President Donald Trump confirmed on Sunday that he's "interested" in buying Greenland. The only problem? It's not actually for sale.
"It's something we talked about," he told reporters on Sunday. "Denmark essentially owns it, we're very good allies with Denmark." Referring to the theoretical transaction as "essentially" a "large real estate deal," Trump said that "strategically it's interesting and we'd be interested, but we'll talk to them a little bit." While he acknowledged that "first we have to find out whether or not they have any interest," he said that, "they're losing a tremendous amount of money, so we'll see what happens."
But officials in Greenland have repeatedly said that it's not for sale. And Denmark confirmed on Sunday that it's not interested in selling the island.
“Greenland is not for sale," Danish Prime Minister Mette Frederiksen told the newspaper Sermitsiag on Sunday. "Greenland is not Danish. Greenland belongs to Greenland. I strongly hope that this is not meant seriously."
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Trump's interest in acquiring the 811,000-square-mile island in the North Atlantic was first reported last week by The Wall Street Journal. Citing sources familiar with the deliberations, the Journal reported that Trump has mentioned the idea with "varying degrees of seriousness." NBC News confirmed the president's interest in such an acquisition.
Earlier on Sunday, top White House economic adviser Larry Kudlow told "Fox News Sunday" that the U.S. was "looking at" purchasing Greenland.
"It's an interesting story," Kudlow told host Dana Perino. "It's developing. We're looking at it. We don't know."
Kudlow noted that "years ago," then-President Harry Truman sought to purchase the massive island off the Canadian coast.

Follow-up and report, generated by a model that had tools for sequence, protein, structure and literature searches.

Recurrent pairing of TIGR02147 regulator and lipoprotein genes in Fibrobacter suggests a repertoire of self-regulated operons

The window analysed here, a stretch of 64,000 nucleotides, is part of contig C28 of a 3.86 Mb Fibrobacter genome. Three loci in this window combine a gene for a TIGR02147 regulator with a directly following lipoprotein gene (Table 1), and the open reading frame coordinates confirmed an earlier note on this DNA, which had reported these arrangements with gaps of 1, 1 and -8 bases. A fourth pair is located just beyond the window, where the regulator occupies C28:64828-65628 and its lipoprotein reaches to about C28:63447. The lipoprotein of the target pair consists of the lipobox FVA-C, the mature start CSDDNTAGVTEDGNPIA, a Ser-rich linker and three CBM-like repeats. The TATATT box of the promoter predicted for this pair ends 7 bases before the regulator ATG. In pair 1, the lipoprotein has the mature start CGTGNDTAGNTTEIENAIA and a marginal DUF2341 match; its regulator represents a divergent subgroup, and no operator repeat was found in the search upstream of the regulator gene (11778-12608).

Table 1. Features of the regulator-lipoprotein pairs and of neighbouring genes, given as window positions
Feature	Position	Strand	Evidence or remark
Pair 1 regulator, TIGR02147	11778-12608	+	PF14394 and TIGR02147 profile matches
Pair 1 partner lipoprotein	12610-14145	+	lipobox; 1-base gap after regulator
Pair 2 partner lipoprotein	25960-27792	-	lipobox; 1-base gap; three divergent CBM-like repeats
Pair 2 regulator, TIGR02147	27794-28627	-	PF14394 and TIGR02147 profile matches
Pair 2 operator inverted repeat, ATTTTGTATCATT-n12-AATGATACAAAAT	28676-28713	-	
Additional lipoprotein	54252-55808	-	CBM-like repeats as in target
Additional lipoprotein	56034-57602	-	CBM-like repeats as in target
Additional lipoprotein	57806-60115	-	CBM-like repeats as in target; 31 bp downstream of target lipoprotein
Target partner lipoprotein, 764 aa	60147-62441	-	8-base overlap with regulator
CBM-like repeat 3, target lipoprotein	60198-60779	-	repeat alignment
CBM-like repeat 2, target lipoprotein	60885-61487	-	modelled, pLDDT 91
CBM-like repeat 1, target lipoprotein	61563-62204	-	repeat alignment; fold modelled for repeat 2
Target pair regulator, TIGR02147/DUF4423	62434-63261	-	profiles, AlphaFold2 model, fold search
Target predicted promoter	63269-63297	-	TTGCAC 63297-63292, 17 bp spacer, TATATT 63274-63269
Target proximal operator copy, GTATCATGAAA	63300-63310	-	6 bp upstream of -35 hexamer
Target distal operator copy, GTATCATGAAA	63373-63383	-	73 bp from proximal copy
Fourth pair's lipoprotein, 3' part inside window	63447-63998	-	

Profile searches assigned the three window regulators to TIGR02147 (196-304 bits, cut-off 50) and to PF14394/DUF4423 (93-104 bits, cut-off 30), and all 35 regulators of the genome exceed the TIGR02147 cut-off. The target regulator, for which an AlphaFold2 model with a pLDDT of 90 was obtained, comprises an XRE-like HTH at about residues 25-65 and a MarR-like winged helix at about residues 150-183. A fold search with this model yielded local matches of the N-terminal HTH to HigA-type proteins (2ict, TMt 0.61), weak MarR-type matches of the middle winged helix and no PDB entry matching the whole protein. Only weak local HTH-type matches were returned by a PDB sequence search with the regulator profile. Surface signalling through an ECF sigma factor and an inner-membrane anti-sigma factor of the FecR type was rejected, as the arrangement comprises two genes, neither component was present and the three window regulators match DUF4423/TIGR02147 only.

"Denmark owns Greenland. Denmark is an ally," Kudlow added. "Greenland is a strategic place up there and they've got a lot of valuable minerals. I don't want to predict an outcome. I just know the president, who knows a thing or two about buying real estate, wants to take a look at a potential Greenland purchase."
Trump is scheduled to visit Denmark next month in an unrelated appearance.
The island of roughly 56,000 people is rich in mineral resources and houses an American airbase. At least twice previously, in 1867 and 1946, the U.S. has tried to buy Greenland. Truman offered $100 million but Denmark turned down the offer.
Officials in Greenland strongly indicated there was no opportunity for such a deal to be made. Greenland's Ministry of Foreign Affairs tweeted that the island is "open for business, not for sale."
Kim Kielsen, Greenland's premier, also said in a statement that the island "is not for sale and cannot be sold, but Greenland is open for trade and cooperation with other countries — including the United States.”
Speaking to NBC News, Anna Kûitse Kúko, 63 and a lifelong resident of Greenland, said she believes islanders take the idea "as a sick joke by a crazy president."